But as critical as I might be, I don't hate VII. It has a lot of its moments, and I did enjoy it. I can say the same about every FF game, no matter how I might rank them. It's just that, as I grew older and took a step back to look at all these games, I realized why IV has so many remakes and VII still doesn't. IV is a solid and very simple game, and it's stood the test of time due to that. VII would lose a lot were it remade. The clunkiness of the story was excusable when combined with the rest of the game's nuances. It was the game that had to bridge the gap from 2D to 3D, and that put it in a really weird place in a lot of ways.

A remake of VII would result in too much effort to "fix" everything. VII is what it is. Imperfect, for sure, very much so. Just appreciate it for that. If a remake ever came into existence, I guarantee the number one comment fans would have about it would be "I liked the original better." Seriously. The FF series has the most unpleasable fanbase, and a FFVII remake would have the most wildly mixed reviews of any in the series.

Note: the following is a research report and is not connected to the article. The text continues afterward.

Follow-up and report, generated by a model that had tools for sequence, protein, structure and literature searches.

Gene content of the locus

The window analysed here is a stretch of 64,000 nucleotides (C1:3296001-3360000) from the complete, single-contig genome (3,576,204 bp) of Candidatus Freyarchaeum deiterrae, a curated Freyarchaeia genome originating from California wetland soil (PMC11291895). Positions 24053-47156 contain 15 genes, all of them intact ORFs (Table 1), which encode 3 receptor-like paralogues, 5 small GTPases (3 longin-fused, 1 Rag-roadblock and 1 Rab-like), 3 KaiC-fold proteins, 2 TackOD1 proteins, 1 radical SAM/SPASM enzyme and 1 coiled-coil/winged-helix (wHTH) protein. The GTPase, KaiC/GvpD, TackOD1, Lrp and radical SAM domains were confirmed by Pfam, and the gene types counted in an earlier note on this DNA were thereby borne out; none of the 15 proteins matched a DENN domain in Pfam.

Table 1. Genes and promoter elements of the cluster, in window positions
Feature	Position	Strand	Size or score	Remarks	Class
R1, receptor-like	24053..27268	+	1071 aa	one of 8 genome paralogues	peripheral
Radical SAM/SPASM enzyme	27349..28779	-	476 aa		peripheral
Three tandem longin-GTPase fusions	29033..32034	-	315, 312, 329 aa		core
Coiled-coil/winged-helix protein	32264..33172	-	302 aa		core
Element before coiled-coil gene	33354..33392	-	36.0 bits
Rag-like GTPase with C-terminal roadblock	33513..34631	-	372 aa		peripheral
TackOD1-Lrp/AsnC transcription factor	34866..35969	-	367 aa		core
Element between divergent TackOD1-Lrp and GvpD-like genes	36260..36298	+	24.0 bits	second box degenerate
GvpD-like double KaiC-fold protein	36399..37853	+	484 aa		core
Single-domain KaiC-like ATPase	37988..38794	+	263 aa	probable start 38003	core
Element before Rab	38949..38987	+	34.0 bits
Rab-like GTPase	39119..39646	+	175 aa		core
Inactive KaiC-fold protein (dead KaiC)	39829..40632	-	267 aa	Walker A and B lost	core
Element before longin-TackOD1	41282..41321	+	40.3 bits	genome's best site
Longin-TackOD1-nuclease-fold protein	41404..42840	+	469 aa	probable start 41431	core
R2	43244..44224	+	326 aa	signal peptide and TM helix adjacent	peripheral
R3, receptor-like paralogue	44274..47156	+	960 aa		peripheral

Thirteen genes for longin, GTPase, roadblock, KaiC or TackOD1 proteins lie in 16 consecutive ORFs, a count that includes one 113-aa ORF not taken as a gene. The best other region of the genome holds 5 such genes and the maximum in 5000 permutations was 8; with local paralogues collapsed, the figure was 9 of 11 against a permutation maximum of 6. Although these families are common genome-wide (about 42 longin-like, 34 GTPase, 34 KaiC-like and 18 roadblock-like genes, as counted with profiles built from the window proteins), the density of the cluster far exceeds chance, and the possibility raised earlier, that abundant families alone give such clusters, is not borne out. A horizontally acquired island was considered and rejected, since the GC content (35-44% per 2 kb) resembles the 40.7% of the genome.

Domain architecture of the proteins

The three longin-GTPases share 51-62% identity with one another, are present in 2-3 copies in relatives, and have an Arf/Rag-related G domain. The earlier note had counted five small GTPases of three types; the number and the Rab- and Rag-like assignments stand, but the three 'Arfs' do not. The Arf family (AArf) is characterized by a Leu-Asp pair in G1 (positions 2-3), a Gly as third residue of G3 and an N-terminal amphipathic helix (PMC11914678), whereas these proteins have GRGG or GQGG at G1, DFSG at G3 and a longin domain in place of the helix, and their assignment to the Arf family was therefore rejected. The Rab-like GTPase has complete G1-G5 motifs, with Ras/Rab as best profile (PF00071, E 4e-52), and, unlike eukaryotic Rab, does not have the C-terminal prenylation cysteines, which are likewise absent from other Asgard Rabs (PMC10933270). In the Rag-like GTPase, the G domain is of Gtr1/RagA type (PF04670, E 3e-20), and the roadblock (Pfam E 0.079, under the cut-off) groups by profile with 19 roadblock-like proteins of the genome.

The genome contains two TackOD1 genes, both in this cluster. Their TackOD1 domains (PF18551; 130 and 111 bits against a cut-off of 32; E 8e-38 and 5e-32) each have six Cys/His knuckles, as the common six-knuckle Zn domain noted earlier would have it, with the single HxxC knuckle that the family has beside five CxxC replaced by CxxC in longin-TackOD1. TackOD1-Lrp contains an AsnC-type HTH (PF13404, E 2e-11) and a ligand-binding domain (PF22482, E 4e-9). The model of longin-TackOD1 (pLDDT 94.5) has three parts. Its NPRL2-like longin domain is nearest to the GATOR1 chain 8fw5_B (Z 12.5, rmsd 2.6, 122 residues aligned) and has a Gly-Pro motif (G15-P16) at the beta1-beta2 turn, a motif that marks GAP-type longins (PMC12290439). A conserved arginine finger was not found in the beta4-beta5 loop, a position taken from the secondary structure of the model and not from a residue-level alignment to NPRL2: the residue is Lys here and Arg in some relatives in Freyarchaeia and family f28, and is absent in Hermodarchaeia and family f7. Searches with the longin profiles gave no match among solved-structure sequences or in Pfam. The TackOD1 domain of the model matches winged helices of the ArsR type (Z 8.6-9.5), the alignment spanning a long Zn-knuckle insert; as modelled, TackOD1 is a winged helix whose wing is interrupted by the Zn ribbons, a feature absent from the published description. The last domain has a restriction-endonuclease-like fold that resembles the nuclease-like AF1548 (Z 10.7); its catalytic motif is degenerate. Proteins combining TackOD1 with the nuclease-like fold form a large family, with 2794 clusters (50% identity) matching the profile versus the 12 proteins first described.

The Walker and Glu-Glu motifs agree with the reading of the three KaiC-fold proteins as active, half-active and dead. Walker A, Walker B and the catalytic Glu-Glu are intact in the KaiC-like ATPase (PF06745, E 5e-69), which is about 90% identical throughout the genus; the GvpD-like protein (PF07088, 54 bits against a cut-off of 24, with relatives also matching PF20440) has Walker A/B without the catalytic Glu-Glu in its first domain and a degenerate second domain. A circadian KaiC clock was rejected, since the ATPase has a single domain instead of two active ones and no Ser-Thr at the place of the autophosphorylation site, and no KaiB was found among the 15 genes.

Docent42 wrote:
Anyway, Final Fantasy to me has always been more about the interesting playable characters than interesting villains, and FF7 had a dog, a puppet, a full-mouthed engineer, an ecologist Mr.T and about only 2 tolerable characters. This is my main reason why I dislike FF7 more than most people.

I'm not even gonna attempt to go after Cloud the rest of the playable characters, but I think you summed up what's wrong with the game's cast. Were they unique? Sure. But they were lacking a lot.

Edited, Feb 5th 2012 7:19am by Gatero
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#64 Feb 05 2012 at 12:19 PM Rating: Good
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Susanoh wrote: